Birth of Radio Astronomy

  • Jacob W. M. Baars
  • Hans J. Kärcher
Part of the Astrophysics and Space Science Library book series (ASSL, volume 447)


In Germany in 1904, Christian Hülsmeyer used a copy of Hertz’s apparatus to demonstrate the reception of radiation reflected from a ship, thereby introducing a first primitive version of radar, albeit without range information. In the early years of the twentieth century, the ingenious inventor Guglielmo Marconi (1874–1937) was instrumental in the development of radio communication and broadcasting at long wavelengths of deca- and hectometres. The antennas were wire dipoles. In the early 1930s, Marconi used parabolic dishes of 3 m diameter in a demonstration of telephony across the English Channel at a frequency near 1.7 GHz. Radar was developed in several countries in the late 1930s and was put to use intensely in World War II, using paraboloidal reflectors at decimetre wavelengths. Great secrecy surrounded these latter activities.


Backup Structure (BUS) Slewing Bearing radarRadar Elevated Presence Dwingeloo Telescope 
These keywords were added by machine and not by the authors. This process is experimental and the keywords may be updated as the learning algorithm improves.


  1. Bolton, J.G.: Radio astronomy with Australian 210-foot telescope. Proc. IEEE. 51, 1464–1470 (1963)CrossRefGoogle Scholar
  2. Bowen, E.G., Minnett, H.C.: The Australian 210-ft radio telescope. J. Br. IRE. 23, 49–53 (1962)Google Scholar
  3. Christiansen, W.N., Hindman, J.V.: A preliminary survey of 1420 Mc/s line emission from galactic hydrogen. Aust. J. Sci. Res. A5, 437–455 (1952)ADSGoogle Scholar
  4. Ewen, H.I., Purcell, E.M.: Radiation from galactic hydrogen at 1420 Mc/s. Nature. 168, 356 (1951)ADSCrossRefGoogle Scholar
  5. Fanning, W.R.: Mechanical design of the Haystack antenna. Design and construction of large steerable aerials. IEE Conf. Publ. 21, 100–104 (1966)Google Scholar
  6. Findlay, J.W.: The 300-foot radio telescope at Green Bank. Sky Telescope. 25, 68 (1963)ADSGoogle Scholar
  7. Ingalls, R.P., et al.: Upgrading the Haystack radio telescope for operation at 115 GHz. Proc. IEEE. 82, 742–755 (1994)ADSCrossRefGoogle Scholar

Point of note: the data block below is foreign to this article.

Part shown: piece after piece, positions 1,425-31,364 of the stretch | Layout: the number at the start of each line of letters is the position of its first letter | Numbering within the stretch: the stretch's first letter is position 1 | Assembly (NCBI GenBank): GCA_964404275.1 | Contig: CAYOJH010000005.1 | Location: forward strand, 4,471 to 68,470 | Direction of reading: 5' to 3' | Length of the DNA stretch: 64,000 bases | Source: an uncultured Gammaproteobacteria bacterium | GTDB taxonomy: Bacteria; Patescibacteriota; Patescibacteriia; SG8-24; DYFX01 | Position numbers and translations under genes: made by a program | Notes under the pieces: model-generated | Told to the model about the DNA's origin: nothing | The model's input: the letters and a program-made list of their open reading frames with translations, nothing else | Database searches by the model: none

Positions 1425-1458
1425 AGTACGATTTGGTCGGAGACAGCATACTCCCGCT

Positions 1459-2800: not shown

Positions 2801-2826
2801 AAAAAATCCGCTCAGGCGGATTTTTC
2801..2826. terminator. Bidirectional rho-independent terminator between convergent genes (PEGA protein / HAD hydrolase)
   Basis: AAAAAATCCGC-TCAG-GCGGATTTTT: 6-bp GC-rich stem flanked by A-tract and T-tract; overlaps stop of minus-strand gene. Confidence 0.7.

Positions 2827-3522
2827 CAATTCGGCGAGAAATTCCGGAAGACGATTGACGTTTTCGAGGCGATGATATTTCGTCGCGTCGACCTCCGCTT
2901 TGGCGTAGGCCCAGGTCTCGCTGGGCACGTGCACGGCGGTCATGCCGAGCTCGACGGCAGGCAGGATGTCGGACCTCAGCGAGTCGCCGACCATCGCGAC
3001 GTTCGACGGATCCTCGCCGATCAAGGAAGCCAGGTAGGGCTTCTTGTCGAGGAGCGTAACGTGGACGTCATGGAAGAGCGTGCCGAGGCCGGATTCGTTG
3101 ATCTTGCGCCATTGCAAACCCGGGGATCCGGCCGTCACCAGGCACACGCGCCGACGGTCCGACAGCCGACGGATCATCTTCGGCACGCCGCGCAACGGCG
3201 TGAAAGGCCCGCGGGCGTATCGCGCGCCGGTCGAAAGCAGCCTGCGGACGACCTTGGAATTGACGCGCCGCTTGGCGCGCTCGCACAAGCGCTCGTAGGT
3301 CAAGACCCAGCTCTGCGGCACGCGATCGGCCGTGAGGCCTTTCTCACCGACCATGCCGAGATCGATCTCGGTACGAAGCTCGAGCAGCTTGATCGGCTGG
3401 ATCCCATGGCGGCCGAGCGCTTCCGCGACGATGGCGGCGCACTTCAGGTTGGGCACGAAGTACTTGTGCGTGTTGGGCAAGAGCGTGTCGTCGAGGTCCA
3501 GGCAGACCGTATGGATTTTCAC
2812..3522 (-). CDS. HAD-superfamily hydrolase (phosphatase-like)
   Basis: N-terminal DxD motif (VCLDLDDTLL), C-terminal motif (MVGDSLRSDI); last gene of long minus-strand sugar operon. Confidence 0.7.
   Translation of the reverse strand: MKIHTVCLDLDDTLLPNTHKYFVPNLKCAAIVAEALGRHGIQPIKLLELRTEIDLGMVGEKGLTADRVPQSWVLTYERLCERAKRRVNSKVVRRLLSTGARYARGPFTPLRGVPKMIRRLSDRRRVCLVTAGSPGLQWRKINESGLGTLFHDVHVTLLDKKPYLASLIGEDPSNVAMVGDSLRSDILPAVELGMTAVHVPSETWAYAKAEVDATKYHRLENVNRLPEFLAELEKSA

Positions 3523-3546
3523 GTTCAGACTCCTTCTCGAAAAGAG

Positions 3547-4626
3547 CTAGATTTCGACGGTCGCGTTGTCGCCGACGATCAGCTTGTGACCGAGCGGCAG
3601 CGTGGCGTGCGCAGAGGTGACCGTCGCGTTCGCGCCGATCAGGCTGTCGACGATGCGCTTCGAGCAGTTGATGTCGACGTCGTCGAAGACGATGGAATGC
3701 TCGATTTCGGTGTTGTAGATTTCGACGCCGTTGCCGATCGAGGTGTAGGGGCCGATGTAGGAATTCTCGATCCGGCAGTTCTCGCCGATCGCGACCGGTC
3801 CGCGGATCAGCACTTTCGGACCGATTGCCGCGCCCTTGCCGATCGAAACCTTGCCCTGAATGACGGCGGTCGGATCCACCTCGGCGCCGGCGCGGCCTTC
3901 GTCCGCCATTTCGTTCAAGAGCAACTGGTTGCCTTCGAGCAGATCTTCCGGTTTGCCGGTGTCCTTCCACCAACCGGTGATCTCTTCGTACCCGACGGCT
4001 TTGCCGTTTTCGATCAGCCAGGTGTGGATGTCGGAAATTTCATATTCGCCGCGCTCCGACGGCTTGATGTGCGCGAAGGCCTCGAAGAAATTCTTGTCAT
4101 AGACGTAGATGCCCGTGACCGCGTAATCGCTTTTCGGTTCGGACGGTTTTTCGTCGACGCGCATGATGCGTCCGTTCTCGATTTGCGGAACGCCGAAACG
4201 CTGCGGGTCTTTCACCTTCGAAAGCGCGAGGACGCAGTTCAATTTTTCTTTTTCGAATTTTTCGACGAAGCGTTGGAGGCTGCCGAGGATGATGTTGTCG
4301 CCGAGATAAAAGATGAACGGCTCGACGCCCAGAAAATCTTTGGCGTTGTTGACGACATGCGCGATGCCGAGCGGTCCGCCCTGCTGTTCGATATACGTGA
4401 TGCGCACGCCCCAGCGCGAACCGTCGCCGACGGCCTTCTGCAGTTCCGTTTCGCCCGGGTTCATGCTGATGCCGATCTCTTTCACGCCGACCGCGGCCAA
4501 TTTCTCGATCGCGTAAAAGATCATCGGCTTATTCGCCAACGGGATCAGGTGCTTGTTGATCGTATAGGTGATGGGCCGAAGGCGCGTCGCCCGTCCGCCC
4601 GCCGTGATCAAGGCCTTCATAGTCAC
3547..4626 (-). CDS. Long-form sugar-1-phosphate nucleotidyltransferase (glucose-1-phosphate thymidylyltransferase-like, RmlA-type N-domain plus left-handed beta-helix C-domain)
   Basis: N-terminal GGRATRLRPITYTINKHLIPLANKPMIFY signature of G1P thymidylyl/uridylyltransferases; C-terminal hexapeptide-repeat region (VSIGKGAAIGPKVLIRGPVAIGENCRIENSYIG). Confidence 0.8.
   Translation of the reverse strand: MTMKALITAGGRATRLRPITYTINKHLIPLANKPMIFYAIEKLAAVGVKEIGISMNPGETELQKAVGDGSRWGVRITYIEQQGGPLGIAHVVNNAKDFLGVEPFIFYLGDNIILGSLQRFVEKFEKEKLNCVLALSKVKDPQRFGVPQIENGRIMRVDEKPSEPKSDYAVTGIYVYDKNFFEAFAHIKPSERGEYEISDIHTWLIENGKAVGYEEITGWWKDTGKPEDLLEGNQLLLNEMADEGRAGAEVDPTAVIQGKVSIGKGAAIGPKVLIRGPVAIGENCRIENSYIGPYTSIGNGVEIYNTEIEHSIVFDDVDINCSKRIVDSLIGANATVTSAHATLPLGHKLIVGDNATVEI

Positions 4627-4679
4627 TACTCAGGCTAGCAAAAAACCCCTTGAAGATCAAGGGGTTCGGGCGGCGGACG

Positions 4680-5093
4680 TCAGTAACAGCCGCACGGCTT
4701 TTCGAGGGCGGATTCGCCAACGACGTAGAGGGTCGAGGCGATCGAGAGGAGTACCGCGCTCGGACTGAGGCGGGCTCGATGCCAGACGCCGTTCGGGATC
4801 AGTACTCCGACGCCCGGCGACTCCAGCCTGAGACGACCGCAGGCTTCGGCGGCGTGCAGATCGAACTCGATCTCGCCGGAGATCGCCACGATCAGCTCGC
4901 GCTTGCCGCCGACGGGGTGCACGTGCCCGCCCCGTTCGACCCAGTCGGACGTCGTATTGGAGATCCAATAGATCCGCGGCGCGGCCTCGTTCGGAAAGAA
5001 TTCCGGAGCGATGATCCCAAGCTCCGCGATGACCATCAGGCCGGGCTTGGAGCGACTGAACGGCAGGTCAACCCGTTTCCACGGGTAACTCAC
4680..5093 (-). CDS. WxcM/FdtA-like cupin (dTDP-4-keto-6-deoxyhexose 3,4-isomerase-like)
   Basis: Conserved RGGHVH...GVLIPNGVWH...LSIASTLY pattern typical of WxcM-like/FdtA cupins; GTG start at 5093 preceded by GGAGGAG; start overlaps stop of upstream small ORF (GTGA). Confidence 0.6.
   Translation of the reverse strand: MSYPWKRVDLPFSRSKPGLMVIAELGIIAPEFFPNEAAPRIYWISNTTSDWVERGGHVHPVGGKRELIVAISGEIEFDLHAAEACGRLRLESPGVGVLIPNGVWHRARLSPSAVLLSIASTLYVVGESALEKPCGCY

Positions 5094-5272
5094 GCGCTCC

8. Jansky, K.G.: Eletrical disturbances apparently of extraterrestrial origin. Proc. IRE. 21, 1387–1398 (1933)CrossRefGoogle Scholar
  9. Kiepenheuer, K.O.: Cosmic rays as the source of general galactic radio emission. Phys. Rev. 79, 738–739 (1950)ADSCrossRefGoogle Scholar
  10. Lockman, F.J., Ghigo, F.D., Balse, D.S.: But it was fun – the first forty years of radio astronomy at Green Bank. NRAO, Green Bank (2007)Google Scholar
  11. Lovell, A.C.B.: The Jodrell Bank radio telescope. Nature. 180, 60–62 (1957)ADSCrossRefGoogle Scholar
  12. Lovell, B.: The Jodrell Bank telescopes. Oxford University Press, New York (1985)Google Scholar
  13. Lovell, B., Husband, H.C.: Blue Book (1951). Downloadable from Jodrell Bank Observatory site:
  14. Muller, C.A., Oort, J.H.: The interstellar hydrogen line at 1420 Mc/s and an estimate of galactic rotation. Nature. 168, 357–358 (1951)ADSCrossRefGoogle Scholar
  15. Pederzoni, T.: Radiosternwarte Stockert. Telefunken Zeitung. 29(113), 157–181 (1956)Google Scholar
  16. Reber, G.: Cosmic static. Proc. IRE. 28, 68–70 (1940a)ADSCrossRefGoogle Scholar
  17. Reber, G.: Cosmic static. Astrophys. J. 91, 621–624 (1940b)ADSCrossRefGoogle Scholar
  18. Robinson, P.: An Australian icon – planning and construction of the Parkes telescope. Science with Parkes @ 50 years young (2011)Google Scholar
  19. Shklovski, I.S.: On the nature of the radio radiation of the Galaxy. Astron. Zh. (Russ). 29, 418–449 (1952)ADSGoogle Scholar
  20. Small, M.M.: The new 140-foot radio telescope. Sky Telescope. 30, 267 (1965)ADSGoogle Scholar
  21. van de Hulst, H.C.: Radiogolven uit het wereldruim. Nederlands Tijdchrift voor Natuurkunde. 11, 210–221 (1945)Google Scholar
  22. van de Hulst, H.C., et al.: De radiosterrenwacht te Dwingeloo. de Ingenieur. 69(3), 1–20 (1957)Google Scholar
  23. von Hoerner, S., Wong, W.-Y.: Gravitational deformation and astigmatism of tiltable radio telescopes. IEEE Trans. Antennas Propag. AP-23, 689–695 (1975)ADSCrossRefGoogle Scholar
  24. Weiss, H.G.: Performance measurements on the Haystack antenna. Design and construction of large steerable aerials. IEE Conf. Publ. 21, 95–99 (1966)Google Scholar

Copyright information

© Springer International Publishing AG 2018

Authors and Affiliations

  • Jacob W. M. Baars
    • 1
  • Hans J. Kärcher
    • 2
  1. 1.Max-Planck-Institut für RadioastronomieBonnGermany
  2. 2.MT Mechatronics - consultantKarbenGermany

Personalised recommendations